Does your work have a culture for supporting cycling?
I work for one of the largest aerospace companies in the world. Our CEO happens to be an avid cyclist. When the CEO is in town he typically arranges a fast group ride with his employees. Any big company in SoCal is bound to have a bunch of cyclists. In terms of bike commuting, the company is fairly supportive. There are a few buildings that have showers and commuter lockers available.
Of course, Dan would bike by the monument recognizing the engineer of the Golden Gate Bridge.
When you and your wife visited Europe, you both made sure to make cycling part of the trip?
On our last trip, we visited the Netherlands and Belgium during April. In Amsterdam, we rode around the city with the locals. The bike is the best way to get around in the heart of the city there. We even saw couples going out on their date on tandem bikes equipped with cargo rack. When the road pitched up to go over the canal bridges, the person in back (usually the lady) hopped off and pushed until they could hop back on to descend the other side. We also caught the E3 in Harelbeke and through a mix up in translation, I ended up with way to many beers at the post race “velodisco.” This was not a catastrophe and we had a great time dealing with the excess refreshments. I like Belgium because they seem to also like bikes and beer (not always together).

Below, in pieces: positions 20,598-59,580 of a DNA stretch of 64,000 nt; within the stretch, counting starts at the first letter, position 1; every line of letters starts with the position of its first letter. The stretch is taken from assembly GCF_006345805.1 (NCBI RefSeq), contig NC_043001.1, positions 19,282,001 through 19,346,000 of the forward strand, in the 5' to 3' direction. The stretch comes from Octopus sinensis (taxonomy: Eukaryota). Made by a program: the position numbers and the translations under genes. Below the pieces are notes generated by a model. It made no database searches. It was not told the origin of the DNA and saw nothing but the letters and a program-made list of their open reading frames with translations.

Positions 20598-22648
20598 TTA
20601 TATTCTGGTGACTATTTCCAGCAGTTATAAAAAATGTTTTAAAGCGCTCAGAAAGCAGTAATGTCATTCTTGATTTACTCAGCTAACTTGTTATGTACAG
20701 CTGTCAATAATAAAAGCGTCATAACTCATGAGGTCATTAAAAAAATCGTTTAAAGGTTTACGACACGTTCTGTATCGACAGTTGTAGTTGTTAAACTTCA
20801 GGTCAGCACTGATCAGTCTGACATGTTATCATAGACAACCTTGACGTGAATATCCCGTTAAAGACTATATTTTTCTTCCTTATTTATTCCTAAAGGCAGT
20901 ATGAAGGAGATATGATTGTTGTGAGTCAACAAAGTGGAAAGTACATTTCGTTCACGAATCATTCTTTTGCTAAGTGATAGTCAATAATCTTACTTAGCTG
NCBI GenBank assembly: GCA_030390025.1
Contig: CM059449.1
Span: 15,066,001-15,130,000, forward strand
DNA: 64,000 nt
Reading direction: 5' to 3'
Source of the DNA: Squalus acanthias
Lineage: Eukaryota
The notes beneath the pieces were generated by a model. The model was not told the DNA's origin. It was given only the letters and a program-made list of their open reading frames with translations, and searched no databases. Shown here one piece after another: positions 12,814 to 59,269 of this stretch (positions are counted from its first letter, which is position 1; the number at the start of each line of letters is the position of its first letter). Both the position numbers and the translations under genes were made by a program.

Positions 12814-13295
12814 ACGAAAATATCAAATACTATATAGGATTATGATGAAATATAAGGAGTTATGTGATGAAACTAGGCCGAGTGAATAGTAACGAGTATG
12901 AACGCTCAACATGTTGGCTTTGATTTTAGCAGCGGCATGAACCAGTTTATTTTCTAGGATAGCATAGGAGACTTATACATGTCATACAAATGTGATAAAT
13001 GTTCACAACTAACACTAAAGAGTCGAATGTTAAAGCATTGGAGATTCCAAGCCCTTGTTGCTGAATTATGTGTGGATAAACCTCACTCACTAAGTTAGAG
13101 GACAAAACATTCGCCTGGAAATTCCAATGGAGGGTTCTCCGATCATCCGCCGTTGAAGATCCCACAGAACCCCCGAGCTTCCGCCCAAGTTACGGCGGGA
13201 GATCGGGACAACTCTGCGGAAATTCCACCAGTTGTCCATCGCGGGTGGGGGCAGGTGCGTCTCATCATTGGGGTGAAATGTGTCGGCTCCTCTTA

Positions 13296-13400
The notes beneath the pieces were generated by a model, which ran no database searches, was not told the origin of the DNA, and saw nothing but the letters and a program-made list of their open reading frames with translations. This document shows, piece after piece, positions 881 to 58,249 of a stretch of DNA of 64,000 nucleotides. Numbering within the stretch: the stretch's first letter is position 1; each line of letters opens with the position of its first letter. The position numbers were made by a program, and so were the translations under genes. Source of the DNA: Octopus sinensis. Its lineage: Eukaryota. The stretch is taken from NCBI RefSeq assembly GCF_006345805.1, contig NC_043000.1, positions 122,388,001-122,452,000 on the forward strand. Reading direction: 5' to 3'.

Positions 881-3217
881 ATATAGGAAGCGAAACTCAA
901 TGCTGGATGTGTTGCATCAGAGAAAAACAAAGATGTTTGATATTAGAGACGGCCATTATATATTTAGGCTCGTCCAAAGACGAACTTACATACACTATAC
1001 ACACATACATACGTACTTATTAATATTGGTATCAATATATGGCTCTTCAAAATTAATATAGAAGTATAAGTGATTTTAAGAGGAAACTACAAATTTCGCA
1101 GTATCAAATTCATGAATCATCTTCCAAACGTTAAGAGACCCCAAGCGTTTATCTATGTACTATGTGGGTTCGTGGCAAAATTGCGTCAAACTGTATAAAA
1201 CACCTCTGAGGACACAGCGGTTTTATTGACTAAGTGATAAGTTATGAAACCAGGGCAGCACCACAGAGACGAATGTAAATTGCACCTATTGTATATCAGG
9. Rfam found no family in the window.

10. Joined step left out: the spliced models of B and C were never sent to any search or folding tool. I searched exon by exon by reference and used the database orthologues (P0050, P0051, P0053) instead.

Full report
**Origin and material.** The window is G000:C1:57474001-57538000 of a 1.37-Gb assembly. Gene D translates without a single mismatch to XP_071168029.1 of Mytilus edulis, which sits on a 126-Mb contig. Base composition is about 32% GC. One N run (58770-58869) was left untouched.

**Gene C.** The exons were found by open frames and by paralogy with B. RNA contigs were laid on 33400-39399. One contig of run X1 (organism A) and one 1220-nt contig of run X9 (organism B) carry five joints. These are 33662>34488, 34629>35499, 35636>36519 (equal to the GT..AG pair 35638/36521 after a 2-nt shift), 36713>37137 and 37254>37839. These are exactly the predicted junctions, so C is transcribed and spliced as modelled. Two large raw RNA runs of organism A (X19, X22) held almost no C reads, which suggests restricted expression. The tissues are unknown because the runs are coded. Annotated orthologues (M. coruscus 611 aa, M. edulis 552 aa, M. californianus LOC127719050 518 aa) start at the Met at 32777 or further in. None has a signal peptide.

Now that you’ve bought a home in Mar Vista, what is it about the westside that makes it so appealing?
The weather is great and it’s a quick 20 minute or so bike ride to the beach from our house. On sunny weekends we will get on our bikes with the trailer filled with toddler and sand toys, and head down Ocean Park Blvd to the ocean. I don’t feel like I have access to all the challenging rides that were accessible from the valley. The westside is a bit denser and getting around on bike can often save time and aggravation.